BRAND ANNA WAS DEFINITELY A COMPELLING IDEA AND PROMISED TO FILL A NEED GAP – ROOTING OUT CORRUPTION
To those familiar with the craft of managing successful brands it came as perhaps a surprise that Anna Hazare found no place in India Today’s 2013 compilation of the most powerful people in India, even though the social activist had topped the list for 2012. A careful analysis would throw up many factors that could be responsible for this. In the first place, those who promoted the brand (media, corporates, et al) and crafted a halo around him had their own agenda which did not match the philosophy of brand Anna.
Incidentally, before brand Anna was catapulted into the national market he had very limited regional aspirations confined to the constituency of Maharashtra. Yet, suddenly he was elevated as a pan-India brand with mass appeal. While his commitment to the cause cannot be doubted, one needs to admit that he exhibited individual situational appeal. The brand could gain mindspace of the target audience, even if for a while, because the need gap did exist; the moment was opportune, providing an apt backdrop to the launch of the brand. The need – sounding a bugle against corruption and steering a movement against it – was manifested in national frustration, particularly among the middle class, the most eager consumer. In its desperation to pin responsibilities on to someone for his globally induced economic miseries aam aadmi was willing to trust the unbelievable promise from the brand Anna: A Jan Lokpal will make all the corruption go away (as if by a magic wand), and this would mean an end to his miseries.
The Anna campaign was never a long term movement; it was perhaps not meant to be. Those who fanned the fire included media personalities on one hand whose limited agenda was to get a TRP booster shot for their channels and the corporate bigwigs providing advertising support on the other – not withstanding the fact that many of them were themselves embroiled in various issues, or was it precisely because of this reason – who too wanted a limited jugalbandi. So it was not very long before some of those who had responded to brand Anna’s call shifted away. The Hazare sales pitch was predicated on the target audience’s weakness for seeking magic potions for a terminal disease, something that had proved to be the undoing of even a wise man like Steve Jobs.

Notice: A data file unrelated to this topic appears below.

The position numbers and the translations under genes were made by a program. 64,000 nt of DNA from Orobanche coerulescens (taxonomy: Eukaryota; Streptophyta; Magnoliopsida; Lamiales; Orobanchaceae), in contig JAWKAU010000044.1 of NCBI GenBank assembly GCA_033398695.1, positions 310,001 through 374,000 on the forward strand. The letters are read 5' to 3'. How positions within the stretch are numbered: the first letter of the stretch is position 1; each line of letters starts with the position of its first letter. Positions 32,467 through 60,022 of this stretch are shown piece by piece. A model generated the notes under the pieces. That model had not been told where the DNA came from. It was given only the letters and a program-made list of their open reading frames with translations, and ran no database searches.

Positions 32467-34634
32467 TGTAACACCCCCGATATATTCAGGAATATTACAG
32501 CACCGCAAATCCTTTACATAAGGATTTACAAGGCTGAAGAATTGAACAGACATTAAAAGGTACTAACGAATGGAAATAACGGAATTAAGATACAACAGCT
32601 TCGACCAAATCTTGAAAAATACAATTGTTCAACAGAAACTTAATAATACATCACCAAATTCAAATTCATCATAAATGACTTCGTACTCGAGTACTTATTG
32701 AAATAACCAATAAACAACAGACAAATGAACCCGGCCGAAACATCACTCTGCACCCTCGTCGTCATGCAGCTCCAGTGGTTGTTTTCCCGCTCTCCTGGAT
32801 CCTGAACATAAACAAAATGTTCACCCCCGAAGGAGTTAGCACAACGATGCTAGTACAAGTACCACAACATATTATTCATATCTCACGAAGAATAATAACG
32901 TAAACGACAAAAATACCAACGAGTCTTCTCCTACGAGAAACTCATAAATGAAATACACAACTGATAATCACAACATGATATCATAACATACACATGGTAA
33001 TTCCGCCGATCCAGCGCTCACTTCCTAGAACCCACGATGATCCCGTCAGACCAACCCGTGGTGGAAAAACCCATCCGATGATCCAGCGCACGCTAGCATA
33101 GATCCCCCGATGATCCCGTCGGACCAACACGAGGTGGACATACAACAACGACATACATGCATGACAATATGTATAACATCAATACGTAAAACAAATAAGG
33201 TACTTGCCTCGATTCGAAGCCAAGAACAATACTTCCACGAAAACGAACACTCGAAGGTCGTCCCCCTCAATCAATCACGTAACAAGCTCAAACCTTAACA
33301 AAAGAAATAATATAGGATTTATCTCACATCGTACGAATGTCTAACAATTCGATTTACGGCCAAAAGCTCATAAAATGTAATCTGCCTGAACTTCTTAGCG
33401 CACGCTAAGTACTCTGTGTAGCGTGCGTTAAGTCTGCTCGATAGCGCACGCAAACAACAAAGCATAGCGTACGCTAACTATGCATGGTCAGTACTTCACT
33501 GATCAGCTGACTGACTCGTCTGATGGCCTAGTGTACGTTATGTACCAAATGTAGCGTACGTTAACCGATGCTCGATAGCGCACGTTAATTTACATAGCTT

To be sure the energy and frustration that sustained brand Anna and all that was linked with him has not disappeared, but the sober thinking of the high involvement purchase kind has returned; the customer is no more an impulsive buyer and wants more mettle behind the strategy that promoted brand Anna.
In the beginning, brand Anna worked because it was perceived to be a solution based offering. Indeed, building brands and communicating with the public at large needs this singular trait most of all. He was and is still very largely seen as a simple, honest, old, frail man who owns nothing and has only asked for public support. He was fire, light, hope. Most importantly he was “me”. He inspired the target audience.